Instead of removing tasks like penning or shedding from the trial, what if each dog performed one part of the run at a time? Have each dog do an outrun/fetch. Then have each dog do a cross-drive, and so on. Perhaps two elements of a run could be executed at the same time. Maybe the fetch and the pen. Or the cross-drive and shed.

 

This would shorten the amount of time on the course for both dogs and sheep. It would be more work for the set-out and exhaust crews, but this could be offset by having those crews bring more dogs to work, and alternate their times on the field.

 

I can see a couple of advantages to doing it this way. One, it would mean less time working for the animals each time they went onto the course, and two, a dog which was poor at whatever part of the course – say, shedding – would not have the advantage that he would gain if that part of the run were cut.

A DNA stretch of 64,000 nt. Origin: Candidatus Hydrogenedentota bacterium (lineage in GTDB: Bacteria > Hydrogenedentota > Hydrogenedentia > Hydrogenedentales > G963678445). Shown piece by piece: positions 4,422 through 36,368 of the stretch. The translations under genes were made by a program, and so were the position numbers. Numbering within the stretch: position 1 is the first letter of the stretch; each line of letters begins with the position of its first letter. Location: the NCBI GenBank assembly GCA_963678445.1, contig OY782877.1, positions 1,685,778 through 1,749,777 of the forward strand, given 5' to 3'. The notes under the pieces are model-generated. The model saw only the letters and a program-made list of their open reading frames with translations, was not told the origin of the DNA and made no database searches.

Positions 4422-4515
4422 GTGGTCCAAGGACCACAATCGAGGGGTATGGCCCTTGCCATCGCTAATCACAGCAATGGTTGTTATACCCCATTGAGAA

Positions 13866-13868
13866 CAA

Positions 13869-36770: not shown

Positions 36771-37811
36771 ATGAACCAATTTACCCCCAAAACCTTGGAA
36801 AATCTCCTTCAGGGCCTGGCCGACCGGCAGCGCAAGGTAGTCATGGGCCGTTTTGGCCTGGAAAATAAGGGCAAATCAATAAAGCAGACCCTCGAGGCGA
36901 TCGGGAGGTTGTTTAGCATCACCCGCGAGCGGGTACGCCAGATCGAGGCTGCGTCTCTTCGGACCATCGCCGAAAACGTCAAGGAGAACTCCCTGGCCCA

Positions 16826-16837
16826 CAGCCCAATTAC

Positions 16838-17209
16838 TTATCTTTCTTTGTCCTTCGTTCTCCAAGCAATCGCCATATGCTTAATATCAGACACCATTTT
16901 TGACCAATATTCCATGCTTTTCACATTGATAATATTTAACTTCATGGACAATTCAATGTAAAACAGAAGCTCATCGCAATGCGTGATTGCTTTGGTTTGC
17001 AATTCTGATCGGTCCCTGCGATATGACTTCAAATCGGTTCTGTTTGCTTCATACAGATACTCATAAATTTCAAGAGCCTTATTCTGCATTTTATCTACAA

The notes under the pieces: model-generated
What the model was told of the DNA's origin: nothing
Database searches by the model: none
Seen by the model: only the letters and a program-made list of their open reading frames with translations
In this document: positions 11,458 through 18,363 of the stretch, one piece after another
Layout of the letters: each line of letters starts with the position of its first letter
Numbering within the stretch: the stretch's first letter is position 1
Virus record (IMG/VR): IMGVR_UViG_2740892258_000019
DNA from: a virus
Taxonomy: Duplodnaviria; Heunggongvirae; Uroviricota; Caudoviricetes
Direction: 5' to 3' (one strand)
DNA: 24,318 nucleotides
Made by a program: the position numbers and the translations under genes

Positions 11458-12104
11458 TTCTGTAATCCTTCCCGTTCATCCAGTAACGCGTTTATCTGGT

If having the same sheep for each dog each time is a desiderata, then the sheep could be marked and pulled & penned separately before they were needed.

 

If one part of the run were more physically demanding, all the dogs could complete that task in the morning when it is cooler.

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If you split up a run like that you remove the flow. One of the most important elements to a run is the relationship between the sheep and the dog. Better to just make the course shorter.

 

I ran into the problem of heat last year. I lived in the mountains, so temps about 85F on a very hot summer day were unusual. At night it often dropped into 50s. In July I made the mistake of entering a trial much farther south and in the lowlands. My dogs ran first, so we were ok but still panting and hot at the end. I dropped them from their second run of the day because it was well over 115F with heat index. I've learned my lesson and now try to head north for trials, if at all possible.